As of 2005, the agency is working to create a National Volcano Early Warning System by improving the instrumentation monitoring the 169 volcanoes in U. S. territory and by establishing methods for measuring the relative threats posed at each site. The USGS National Geomagnetism Program monitors the magnetic field at magnetic observatories and distributes magnetometer data in real time; the USGS collaborates with Canadian and Mexican government scientists, along with the Commission for Environmental Cooperation, to produce the North American Environmental Atlas, used to depict and track environmental issues for a continental perspective. The USGS operates the streamgaging network for the United States, with over 7400 streamgages. Real-time streamflow data are available online. National Climate Change and Wildlife Science Center implements partner-driven science to improve understanding of past and present land use change, develops relevant climate and land use forecasts, identifies lands and communities that are most vulnerable to adverse impacts of change from the local to global scale.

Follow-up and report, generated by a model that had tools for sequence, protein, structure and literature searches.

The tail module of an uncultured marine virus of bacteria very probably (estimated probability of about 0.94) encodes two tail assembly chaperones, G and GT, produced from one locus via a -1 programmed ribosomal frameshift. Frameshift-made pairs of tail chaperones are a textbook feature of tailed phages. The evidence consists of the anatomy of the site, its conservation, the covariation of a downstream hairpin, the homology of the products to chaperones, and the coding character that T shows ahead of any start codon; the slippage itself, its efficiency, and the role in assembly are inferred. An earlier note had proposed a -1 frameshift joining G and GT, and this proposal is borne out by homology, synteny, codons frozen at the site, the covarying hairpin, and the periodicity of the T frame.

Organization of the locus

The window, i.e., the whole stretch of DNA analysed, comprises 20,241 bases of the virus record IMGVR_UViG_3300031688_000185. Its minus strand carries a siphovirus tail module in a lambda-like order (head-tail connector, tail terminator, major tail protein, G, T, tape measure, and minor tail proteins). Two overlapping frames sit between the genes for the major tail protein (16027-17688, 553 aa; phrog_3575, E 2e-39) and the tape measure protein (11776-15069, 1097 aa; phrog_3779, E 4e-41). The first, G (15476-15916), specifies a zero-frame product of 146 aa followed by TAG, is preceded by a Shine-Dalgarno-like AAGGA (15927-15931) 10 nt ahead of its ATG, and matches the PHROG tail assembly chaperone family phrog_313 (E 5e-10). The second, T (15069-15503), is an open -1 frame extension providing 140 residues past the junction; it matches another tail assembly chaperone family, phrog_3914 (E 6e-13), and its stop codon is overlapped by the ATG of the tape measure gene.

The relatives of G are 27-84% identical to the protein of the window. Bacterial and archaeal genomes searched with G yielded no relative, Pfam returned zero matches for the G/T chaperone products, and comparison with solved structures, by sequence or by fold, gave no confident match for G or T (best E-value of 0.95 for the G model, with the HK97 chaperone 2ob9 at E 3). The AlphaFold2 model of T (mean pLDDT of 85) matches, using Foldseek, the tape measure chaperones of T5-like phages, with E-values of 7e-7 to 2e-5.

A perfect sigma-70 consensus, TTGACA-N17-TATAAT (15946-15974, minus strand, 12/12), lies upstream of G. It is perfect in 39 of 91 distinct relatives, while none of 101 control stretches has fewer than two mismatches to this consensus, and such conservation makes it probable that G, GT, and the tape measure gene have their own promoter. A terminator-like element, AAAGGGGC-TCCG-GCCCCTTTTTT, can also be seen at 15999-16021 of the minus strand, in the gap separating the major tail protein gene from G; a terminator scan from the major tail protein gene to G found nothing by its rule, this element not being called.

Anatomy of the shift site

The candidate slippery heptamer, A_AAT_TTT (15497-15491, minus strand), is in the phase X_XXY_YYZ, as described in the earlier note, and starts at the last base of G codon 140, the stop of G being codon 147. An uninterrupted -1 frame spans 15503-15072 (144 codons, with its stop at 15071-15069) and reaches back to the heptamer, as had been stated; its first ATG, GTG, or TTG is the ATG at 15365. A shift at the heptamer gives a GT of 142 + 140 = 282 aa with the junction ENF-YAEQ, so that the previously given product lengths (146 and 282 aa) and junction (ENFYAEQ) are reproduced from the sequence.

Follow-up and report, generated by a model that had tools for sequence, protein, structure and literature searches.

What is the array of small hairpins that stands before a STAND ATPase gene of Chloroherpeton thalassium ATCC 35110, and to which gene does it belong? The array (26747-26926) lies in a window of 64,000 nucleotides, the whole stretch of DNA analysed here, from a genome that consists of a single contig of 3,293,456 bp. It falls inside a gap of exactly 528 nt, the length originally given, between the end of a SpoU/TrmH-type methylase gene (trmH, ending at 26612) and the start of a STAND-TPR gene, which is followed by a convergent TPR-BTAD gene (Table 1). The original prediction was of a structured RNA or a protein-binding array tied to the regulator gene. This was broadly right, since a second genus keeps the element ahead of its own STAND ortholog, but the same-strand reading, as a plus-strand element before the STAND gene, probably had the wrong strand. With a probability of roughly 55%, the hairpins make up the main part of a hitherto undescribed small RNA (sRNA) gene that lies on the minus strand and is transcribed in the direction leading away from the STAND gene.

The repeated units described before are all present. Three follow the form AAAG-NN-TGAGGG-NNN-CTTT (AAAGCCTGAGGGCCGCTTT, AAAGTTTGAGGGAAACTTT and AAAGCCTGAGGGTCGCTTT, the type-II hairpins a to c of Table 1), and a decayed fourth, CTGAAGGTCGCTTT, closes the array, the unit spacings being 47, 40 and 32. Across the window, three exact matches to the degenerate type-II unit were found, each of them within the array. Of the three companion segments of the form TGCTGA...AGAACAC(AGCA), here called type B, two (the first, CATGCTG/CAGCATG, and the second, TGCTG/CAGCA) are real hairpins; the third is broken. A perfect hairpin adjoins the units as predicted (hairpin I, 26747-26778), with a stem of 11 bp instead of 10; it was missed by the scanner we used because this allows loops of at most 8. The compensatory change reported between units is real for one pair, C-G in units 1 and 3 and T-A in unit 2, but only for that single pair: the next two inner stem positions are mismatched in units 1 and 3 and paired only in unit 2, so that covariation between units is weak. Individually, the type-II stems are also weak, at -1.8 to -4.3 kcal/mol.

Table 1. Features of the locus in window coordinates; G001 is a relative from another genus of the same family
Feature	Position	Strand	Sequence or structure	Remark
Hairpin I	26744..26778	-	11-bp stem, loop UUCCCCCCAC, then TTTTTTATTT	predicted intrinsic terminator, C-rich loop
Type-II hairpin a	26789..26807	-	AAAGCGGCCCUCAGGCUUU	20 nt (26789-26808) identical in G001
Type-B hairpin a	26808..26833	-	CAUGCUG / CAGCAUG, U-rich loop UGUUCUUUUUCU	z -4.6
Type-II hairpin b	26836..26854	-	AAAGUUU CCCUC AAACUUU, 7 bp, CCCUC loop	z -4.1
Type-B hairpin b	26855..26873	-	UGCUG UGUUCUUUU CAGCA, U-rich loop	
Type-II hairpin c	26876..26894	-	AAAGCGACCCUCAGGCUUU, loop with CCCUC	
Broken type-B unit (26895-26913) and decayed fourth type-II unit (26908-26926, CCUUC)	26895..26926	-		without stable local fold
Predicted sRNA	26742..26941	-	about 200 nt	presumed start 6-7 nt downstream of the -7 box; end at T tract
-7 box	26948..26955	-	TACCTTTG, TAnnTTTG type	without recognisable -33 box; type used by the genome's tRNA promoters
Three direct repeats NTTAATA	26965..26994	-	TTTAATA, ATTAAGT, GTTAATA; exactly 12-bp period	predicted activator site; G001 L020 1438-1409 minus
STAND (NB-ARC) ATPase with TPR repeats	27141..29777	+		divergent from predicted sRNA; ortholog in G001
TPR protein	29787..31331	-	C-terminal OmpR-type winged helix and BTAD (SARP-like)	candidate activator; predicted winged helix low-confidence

Since 1962, the Astrogeology Research Program has been involved in global and planetary exploration and mapping. In collaboration with Stanford University, the USGS operates the USGS-Stanford Ion Microprobe Laboratory, a world-class analytical facility for U--Pb geochronology and trace element analyses of minerals and other earth materials. USGS operates a number of water related programs, notably the National Streamflow Information Program and National Water-Quality Assessment Program. USGS Water data is publicly available from their National Water Information System database; the USGS operates the National Wildlife Health Center, whose mission is "to serve the nation and its natural resources by providing sound science and technical support, to disseminate information to promote science-based decisions affecting wildlife and ecosystem health. The NWHC provides information, technical assistance, research and leadership on national and international wildlife health issues." It is the agency responsible for surveillance of H5N1 avian influenza outbreaks in the United States.